And don’t get all your answers from the Bible.
Read financial books. Books that talk about money belief system like The Millionaire Mindset by T Harv Eker.
So I trust their advice, and it’s the best thing that ever happened to my life.
I stopped taking on debts.
I only give away 10% maximum of my money each month to do charity or help random people in the street.
And my net worth grew.
And as my money grew, my happiness grew as well.
And I don’t get all the answer from the Bible anymore.
I would spend probably a few minutes in a week to read the Bible.
And if the verse that I read gave me confusion, I would stop myself right there and then and justify it.
If the verse makes sense, I would test it, and if my life really improves because of that verse, I would keep it.
If it doesn’t, I would forget about it.
And I would apply that self-check and justify practice to any advice I get: Advice from family, friends, videos, Tvs, Books and basically every information that tries to check in into my “mind hotel”
I must justify their existence inside my head whether they serve my growth or not.
For people that tell me advice, I would research their background and find everything about them to see if they are just a show-off or they are truly genuine and successful people.
Because in this entire duration of my life, I’ve seen so many fake people and so little genuine people.
So I had to be cautious on who to trust, and what advice to take.
If these people are genuine, religious, and yet very wealthy, I would always go with that.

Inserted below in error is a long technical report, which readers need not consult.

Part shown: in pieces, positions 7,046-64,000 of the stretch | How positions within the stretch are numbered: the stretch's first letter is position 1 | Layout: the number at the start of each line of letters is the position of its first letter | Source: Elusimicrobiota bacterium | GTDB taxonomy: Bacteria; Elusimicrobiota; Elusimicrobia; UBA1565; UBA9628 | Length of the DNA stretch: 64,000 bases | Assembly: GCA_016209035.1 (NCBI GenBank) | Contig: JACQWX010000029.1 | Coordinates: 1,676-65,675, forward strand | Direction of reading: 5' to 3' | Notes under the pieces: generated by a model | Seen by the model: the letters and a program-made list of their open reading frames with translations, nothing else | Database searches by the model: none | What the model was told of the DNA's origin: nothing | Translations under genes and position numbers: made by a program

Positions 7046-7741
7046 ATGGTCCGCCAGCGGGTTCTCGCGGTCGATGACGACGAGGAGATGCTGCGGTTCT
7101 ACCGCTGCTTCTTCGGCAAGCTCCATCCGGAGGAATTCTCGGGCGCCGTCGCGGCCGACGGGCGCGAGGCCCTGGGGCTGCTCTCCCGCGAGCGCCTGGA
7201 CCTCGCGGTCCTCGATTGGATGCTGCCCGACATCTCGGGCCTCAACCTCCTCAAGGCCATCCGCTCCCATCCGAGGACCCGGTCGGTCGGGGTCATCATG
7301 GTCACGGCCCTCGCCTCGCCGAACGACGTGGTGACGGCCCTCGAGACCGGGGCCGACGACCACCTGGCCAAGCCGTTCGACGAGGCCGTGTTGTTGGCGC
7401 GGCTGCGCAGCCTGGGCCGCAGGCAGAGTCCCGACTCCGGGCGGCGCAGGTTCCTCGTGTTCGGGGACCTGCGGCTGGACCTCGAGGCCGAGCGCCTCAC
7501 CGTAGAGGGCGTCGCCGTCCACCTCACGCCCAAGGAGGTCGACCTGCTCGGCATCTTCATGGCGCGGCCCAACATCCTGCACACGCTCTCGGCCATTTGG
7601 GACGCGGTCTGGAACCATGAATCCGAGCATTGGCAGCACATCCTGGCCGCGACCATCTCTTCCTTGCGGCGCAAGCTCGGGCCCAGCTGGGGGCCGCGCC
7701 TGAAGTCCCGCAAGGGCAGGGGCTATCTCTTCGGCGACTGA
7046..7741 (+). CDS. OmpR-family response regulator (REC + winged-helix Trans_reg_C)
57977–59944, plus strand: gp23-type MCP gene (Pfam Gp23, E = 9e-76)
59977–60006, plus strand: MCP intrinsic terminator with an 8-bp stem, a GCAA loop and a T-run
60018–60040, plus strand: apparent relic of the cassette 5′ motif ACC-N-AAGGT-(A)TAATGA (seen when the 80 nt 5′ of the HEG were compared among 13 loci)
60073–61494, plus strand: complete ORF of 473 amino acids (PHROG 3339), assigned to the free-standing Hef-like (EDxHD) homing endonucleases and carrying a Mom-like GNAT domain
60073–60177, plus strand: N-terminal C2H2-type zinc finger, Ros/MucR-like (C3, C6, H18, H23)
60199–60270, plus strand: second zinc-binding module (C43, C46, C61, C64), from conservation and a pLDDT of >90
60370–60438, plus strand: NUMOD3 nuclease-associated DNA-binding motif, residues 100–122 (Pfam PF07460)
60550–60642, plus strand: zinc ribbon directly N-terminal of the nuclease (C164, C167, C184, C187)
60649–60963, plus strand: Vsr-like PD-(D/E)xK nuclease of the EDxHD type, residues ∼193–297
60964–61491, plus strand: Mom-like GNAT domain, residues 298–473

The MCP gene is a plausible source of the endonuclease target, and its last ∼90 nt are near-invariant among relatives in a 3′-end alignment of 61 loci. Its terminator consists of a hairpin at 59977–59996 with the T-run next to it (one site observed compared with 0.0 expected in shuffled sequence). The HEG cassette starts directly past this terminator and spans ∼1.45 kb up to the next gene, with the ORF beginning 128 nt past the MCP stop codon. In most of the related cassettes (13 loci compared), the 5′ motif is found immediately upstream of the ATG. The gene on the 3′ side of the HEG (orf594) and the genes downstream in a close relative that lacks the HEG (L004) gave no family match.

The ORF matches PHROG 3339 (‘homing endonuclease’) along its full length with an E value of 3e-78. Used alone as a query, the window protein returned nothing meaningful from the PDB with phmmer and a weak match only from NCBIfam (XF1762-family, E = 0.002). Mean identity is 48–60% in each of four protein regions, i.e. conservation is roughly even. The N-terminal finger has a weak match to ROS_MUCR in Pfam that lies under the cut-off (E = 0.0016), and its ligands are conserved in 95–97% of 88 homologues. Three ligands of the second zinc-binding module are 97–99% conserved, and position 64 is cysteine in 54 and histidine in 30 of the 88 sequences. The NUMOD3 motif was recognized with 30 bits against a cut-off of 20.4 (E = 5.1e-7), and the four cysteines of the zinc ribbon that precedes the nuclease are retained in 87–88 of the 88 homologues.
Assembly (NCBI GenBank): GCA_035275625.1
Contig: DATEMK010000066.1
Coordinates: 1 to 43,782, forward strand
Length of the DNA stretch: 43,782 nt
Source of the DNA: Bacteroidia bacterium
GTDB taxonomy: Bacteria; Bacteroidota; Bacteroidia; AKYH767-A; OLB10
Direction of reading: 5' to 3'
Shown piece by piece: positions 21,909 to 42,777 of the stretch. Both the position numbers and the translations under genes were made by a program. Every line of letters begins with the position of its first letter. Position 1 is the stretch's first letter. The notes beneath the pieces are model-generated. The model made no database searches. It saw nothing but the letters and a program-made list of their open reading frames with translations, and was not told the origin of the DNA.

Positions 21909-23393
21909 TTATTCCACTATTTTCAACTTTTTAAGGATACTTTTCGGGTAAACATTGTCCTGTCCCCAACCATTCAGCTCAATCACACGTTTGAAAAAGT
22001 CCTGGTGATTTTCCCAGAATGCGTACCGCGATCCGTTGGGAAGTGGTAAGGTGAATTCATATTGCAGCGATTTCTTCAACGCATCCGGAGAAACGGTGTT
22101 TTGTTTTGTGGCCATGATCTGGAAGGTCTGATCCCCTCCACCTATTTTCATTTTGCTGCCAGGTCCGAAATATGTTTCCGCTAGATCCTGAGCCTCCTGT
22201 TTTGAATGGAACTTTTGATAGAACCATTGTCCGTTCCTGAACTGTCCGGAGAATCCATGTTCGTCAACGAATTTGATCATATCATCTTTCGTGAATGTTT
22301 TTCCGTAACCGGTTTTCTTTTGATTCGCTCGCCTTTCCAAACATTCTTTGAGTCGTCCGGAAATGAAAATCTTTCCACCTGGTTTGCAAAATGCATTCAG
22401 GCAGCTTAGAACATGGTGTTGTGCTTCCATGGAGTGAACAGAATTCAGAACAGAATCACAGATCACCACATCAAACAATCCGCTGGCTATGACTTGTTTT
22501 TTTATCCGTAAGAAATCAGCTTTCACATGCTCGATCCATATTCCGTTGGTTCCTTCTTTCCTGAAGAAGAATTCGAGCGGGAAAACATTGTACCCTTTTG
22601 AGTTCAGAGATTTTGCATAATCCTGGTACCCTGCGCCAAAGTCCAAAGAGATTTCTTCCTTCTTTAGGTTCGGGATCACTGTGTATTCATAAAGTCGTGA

Thanks to these wonderful and successful people that I met in life, I was able to shift my money belief into an empowering one.
So if someone were to ask for money from me today, I would justify it first, but most of the time, I would say no.
Because here’s the thing, if these people are really desperate, they can sell that phone that they use to ask me for money right? Or they can sell their clothes which they always use to show off on their social media.
These people aren’t poor and needy at all.
So the biggest takeaway here is?
Don’t be too kind.
You have to practice moderation when it comes to being kind to other people.
Give your kindness only to people who truly deserve it.
And don’t just follow or internalise any advice blindly.
Justify it. Test it. If it’s good, then keep it.
If it’s bad, then just forget about it.
Because when it comes to life, you only get to live on life.
And if you want to live life to the fullest, you have to be selfish and improve yourself 90% of the time.